Last month, a friend of mine asked me, “Why haven’t you written anything lately? You should write something. We miss your writing.”
I shrugged and said I would try. But the truth was – at that moment, and for the last many months, there hasn’t been much to write about. There hasn’t been anything that seemed worthwhile to say.
Then, a couple weeks ago, I got into a car accident. Nothing severe in the sense of hospitalization. Intense enough that I’m laying on my couch while my back recovers from the trauma. But something about the accident jolted me back to life. Back into my body. Back into my senses.
It’s been a little over a year since my father died. If that wasn’t enough, in the last 12 months, the legacy of the Siri Singh Sahib, Yogi Bhajan, has been plagued by lawsuits and counter-suits. In a very short period of time, I lost my father and I lost a lot of friendships. Disagreements over the lawsuit damaged relationships that I had cherished for years.
What I didn’t realize until the car accident was that the cumulative shock of all that loss happening in so short a time had overwhelmed my nervous system. I had been, on a certain level, “checked out” of my body for over a year. When my car got rear-ended, some primal, self-protective instinct woke-up. I realized I had a body of my own to take care of; a life of my own to connect with. It was time to make peace with the last 13 months and find a way to move on.
A few days before my father passed away, we were sitting together in the hospital. Him, my mother and myself. He had been diagnosed with pancreatic cancer less then a month previously, and the doctors and nurses had been trying, in an indirect way, to help him and my mother come to terms with the fact that he was dying.
During one particular moment, he turned to me and, in a confused, exasperated voice, asked, “Bernadette, what happened?” There was a look of incredulity in his watery blue eyes. Like he was trying to comprehend how so much could go so wrong so quickly. I took his hand, and looked deeply into his eyes. Without any tears, I told him matter-of-factly, “It’s just what happens, Dad. It’s the way nature works. Everybody has to go sometime. It’s just your time to go.”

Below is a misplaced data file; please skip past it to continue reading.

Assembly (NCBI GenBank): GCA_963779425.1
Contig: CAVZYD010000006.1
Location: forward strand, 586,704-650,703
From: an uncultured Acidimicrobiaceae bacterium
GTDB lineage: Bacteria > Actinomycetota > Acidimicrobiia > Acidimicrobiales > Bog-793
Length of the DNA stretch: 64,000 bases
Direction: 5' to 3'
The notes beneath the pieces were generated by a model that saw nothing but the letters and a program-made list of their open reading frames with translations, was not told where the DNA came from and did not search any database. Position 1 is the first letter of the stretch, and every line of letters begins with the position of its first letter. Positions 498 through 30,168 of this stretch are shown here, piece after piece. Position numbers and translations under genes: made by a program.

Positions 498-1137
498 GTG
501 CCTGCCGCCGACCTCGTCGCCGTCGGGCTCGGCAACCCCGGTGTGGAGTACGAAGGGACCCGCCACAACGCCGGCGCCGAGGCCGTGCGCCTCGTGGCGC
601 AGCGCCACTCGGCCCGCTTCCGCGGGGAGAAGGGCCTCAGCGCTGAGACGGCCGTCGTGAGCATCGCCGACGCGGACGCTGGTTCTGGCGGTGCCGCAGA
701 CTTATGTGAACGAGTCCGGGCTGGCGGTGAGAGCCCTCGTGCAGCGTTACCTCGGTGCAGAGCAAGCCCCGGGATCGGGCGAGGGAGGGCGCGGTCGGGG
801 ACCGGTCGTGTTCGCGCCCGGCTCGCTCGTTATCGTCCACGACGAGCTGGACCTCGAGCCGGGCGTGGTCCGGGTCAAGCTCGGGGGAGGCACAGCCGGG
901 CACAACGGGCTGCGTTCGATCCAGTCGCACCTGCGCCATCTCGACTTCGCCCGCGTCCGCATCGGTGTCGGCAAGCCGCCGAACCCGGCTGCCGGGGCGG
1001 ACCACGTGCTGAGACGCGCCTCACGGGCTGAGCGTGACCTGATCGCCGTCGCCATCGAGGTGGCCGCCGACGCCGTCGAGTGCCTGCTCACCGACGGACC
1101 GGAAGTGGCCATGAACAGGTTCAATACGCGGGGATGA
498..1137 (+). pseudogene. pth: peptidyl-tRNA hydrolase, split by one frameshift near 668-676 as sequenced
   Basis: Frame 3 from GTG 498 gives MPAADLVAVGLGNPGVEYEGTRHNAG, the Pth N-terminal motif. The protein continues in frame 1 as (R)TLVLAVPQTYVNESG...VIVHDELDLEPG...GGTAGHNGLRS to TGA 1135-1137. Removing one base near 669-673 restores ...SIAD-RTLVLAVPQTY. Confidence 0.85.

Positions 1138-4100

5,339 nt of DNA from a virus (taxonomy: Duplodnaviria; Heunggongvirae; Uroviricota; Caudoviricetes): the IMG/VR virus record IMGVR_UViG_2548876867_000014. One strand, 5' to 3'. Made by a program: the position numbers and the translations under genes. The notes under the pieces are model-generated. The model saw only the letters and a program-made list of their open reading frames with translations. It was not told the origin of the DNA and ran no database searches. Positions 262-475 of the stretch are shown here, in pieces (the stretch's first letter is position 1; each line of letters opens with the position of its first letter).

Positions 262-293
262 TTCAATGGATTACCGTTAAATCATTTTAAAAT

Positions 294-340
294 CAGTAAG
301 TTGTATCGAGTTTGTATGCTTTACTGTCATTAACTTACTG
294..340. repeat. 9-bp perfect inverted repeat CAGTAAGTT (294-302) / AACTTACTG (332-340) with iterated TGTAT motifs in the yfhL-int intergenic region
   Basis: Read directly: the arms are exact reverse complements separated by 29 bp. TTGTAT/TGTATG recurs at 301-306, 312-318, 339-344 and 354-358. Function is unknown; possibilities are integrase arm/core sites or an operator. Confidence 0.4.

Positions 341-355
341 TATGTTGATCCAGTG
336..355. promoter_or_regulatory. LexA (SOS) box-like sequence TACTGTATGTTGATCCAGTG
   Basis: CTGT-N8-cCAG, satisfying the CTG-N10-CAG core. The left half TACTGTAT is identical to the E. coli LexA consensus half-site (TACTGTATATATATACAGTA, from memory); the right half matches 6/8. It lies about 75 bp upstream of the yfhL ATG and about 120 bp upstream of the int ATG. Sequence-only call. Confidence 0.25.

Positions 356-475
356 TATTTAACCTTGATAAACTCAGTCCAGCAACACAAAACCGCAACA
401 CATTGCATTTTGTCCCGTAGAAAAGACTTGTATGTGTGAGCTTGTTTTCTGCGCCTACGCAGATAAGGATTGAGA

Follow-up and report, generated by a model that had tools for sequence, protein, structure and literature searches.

Telling my father that he was dying was the single hardest thing I have ever had to do. It wasn’t what I wanted to say, and it sure wasn’t what he wanted to hear. But it was the truth. The reality of having his daughter tell him that everything was NOT going to be OK – but that in fact he needed to get ready to die – was a shock. Yet, in an odd way, it helped him to accept it. It helped him make peace with it. At least, I’d like to think that it helped.
There’s hope. And then there’s reality. There’s the fact that as humans we don’t want change because the familiar gives us a sense of security. And then there’s the play of Creation where change is inevitable. Nothing can ever possibly stay the same, and how we face those changes define us. Security isn’t on dry land. It’s in learning to ride the incessant waves of time and space. To appreciate the past without being beholden to it. To love what has come before enough to let it go with grace when it’s time to move on.
For the last 13 months, while I have been “out of body,” I have also been doing a lot of studying of Sukhmani. There are many difficult teachings in Sukhmani that have completely turned my idea about spirituality upside down; shifted the sense I have of myself as a “spiritual” person (whatever that means). But it has begun to create a space of acceptance in my heart: the ability to accept myself, people and situations exactly as they are – on their own terms.
When I watched my father take his last breath, I had the blessing of seeing one of the great yogic teachings at work. The teachings say – in those last few seconds of life, it’s just between you and you. You evaluate your own life – how you did – in the light of your own higher consciousness. There is no “God” involved – there is nothing but your own self-assessment of your self.